David Bourget (Western Ontario)
David Chalmers (ANU, NYU)
Rafael De Clercq
Jack Alan Reynolds
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British Journal for the Philosophy of Science 64 (3):513-550 (2013)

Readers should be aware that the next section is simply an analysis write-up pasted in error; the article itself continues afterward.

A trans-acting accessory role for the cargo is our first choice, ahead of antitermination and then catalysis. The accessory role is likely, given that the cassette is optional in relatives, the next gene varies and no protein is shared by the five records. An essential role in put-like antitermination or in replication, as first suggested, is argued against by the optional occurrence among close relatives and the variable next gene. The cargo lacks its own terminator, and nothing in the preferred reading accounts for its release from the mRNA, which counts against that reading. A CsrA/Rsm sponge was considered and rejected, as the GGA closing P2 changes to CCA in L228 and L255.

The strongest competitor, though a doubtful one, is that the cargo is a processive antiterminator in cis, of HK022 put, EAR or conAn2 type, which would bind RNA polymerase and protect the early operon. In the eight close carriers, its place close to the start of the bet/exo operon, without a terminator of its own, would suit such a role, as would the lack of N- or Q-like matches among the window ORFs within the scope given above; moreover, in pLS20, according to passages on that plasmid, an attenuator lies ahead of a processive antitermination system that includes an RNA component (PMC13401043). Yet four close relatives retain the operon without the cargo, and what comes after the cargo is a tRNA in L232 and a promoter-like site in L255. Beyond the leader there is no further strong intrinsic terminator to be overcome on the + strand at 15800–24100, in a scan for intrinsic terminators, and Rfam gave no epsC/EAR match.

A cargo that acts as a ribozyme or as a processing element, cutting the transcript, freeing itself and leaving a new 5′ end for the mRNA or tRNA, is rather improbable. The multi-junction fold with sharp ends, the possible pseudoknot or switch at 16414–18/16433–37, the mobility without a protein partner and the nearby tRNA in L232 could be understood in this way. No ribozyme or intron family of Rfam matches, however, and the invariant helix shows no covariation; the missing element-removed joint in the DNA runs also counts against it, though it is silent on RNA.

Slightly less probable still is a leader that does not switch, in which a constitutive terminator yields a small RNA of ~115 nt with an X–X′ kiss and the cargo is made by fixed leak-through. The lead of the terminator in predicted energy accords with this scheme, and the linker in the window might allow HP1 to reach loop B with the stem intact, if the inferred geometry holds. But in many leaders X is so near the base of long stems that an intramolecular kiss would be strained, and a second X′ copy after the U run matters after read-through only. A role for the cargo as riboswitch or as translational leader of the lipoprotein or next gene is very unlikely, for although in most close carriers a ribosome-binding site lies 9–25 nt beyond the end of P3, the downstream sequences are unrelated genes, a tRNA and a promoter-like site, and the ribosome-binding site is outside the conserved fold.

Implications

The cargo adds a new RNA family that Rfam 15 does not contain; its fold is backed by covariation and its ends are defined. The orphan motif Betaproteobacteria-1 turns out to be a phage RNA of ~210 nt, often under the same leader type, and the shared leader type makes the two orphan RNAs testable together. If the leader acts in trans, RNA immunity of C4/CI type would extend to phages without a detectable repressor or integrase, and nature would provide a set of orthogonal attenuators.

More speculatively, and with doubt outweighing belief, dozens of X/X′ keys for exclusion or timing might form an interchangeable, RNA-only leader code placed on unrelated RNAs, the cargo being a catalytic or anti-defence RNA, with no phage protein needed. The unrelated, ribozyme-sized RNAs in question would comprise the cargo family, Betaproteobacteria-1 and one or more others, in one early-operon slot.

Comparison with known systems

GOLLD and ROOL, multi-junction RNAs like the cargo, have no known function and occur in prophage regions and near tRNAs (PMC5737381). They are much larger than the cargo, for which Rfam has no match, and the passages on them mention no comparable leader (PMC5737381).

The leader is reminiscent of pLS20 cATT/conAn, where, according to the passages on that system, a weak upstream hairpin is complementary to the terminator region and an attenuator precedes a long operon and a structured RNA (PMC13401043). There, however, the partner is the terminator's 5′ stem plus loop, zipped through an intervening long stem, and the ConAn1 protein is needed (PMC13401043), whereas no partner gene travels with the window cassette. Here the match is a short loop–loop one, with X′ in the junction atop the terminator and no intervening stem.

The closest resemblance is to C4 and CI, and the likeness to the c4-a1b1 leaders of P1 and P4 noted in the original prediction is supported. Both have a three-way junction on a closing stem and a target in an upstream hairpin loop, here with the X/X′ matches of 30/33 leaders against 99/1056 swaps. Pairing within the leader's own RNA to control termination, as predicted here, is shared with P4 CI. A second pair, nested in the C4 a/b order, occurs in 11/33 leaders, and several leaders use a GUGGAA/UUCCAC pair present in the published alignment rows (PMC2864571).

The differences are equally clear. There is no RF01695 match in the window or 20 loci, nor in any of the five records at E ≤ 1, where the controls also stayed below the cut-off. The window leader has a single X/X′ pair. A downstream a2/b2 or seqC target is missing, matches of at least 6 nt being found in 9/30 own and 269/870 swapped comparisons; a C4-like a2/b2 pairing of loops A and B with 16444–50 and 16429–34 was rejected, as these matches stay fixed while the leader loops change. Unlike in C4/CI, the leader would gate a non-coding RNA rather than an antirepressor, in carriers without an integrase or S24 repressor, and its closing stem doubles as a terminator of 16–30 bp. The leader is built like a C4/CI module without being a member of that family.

We begin by considering two principles, each having the form causal completeness ergo screening-off. The first concerns a common cause of two or more effects; the second describes an intermediate link in a causal chain. They are logically independent of each other, each is independent of Reichenbach's principle of the common cause, and each is a consequence of the causal Markov condition. Simple examples show that causal incompleteness means that screening-off may fail to obtain. We derive a stronger result: in a rather general setting, if the composite cause C1 & C2 & … & Cn screens-off one event from another, then each of the n component causes C1, C2, …, Cn must fail to screen-off. The idea that a cause may be ordinally invariant in its impact on different effects is defined; it plays an important role in establishing this no-go theorem. Along the way, we describe how composite and component causes can all screen-off when ordinal invariance fails. We argue that this theorem is relevant to assessing the plausibility of the two screening-off principles. The discovery of incomplete causes that screen-off is not evidence that causal completeness must engender screening-off. Formal and epistemic analogies between screening-off and determinism are discussed. 1 Introduction2 Influence and Non-degeneracy Conditions3 A No-Go Theorem for Two Dichotomous Causes and its Limitations4 A More General No-Go Theorem: Allowing Several Causes, Possibly Non-dichotomous5 Examples Illustrating Corollary 3 and Theorem 5a6 Determinism and Screening-Off: Disanalogy and AnalogyAppendix
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